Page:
Nature - In my first update I talked about the nature watching, and it has only gotten better. We have been surrounded by dolphins many times, seen countless turtles, never tire of the flying and jumping fish. In the last few weeks we have seen several rays, and were quite startled to see them jump. I saw a large fish jump but it was too far away to identify what it was. I would have said it was a shark from the coloration, but did not think that sharks jumped. About 5 minutes later, to answer the question, it jumped about 20 feet from the boat identifying it was a ray (rays and sharks are the same family). And the birds are spectacular. We watched a group of pelicans and boobies working an area over what appeared to be a weed bed. Where there is sand the water is a very light blue, where there is weed or grass it is dark, almost black. However, I noticed that the weed bed seemed to move. We realized it was a school of small fish 200-300 feet long, by 50 feet wide by 10 feet deep. And they were so close together that the water was black! The birds were constantly feeding on them. My neice went to investigage with mask and snorket, but quickly swam back after a short investigation. She thought that she had seen several sharks in the school, but we later realized that they were tarpon 4-6 feet long. The most fantastic was several whale sightings, and on two occasions when we were under sail we were able to come right up to them as they rested on the surface before the next dive. We believe they were sperm whales, and would have been close to 50 feet long, and we got to within 50 feet of them. Magnificient. Also, we got to within 100 feet of a large hammer head shark resting on the surface.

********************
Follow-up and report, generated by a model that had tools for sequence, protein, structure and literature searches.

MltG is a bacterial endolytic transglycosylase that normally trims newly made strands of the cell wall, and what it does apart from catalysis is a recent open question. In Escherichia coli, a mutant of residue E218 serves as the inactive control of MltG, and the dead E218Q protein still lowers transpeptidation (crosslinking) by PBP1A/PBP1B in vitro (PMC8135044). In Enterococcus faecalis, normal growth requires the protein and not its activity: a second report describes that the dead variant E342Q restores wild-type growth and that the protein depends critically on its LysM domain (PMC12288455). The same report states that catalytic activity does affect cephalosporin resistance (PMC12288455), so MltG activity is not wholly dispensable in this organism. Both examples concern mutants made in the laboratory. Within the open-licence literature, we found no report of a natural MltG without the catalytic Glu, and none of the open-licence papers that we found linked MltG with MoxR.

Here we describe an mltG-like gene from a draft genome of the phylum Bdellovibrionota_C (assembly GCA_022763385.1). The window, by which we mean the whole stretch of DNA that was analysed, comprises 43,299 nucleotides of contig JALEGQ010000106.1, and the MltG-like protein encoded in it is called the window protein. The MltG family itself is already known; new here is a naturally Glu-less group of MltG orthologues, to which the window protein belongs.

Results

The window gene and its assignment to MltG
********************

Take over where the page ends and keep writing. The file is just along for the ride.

Shopping - Everyday grocery shopping was always interesting, just from the complexity of the event compared to at home. First you have to get to shore, and hopefully at a place that is walking distance to a grocery store. Then locate the best store or group of stores for your grocery needs, and figure out what food items are the best value in this part of the world. Don't be buying pears when the bananas were grown a mile away! And be prepared to do it all in French. Then be properly equipped with bags to lug it back to the dinghy and on to the boat. Of course shopping for specialty marine items, hardware, or utensils becomes ever more complex. When it was a very specific item we termed it as "questing". An item like an inverter, a generator, or a battery charger had very specific requirements. They always required an effective search in the right place. Even toasters and mixers have to match the electrical system on the boat, and so only could be bought on the French islands. Then of course there were more exotic quests. We had seen some drinking glasses in a restaurant in the small French island of Iles des Saintes. We enquired if we could buy some, and were told no, but were given the name of the store in Pointe a Pitre, a main town in Guadeloupe. All of this in French by the way. So we set off for Pointe a Pitre, found the location of the store by going to the tourist information (in French). We determined that the best way to get there was to take the boat up a river and anchor, and take the dinghy to a highway bridge, and then walk a mile to the store. The directions we had were not good so we had to ask multiple times for directions (in French). The last place we asked they started giving directions, and then the man said to come with him, and he put us in his car and drove us there! I said that the people were friendly and helpful. Glasses bought we headed back to the boat, and enjoyed a rewarding cocktail with the new glasses.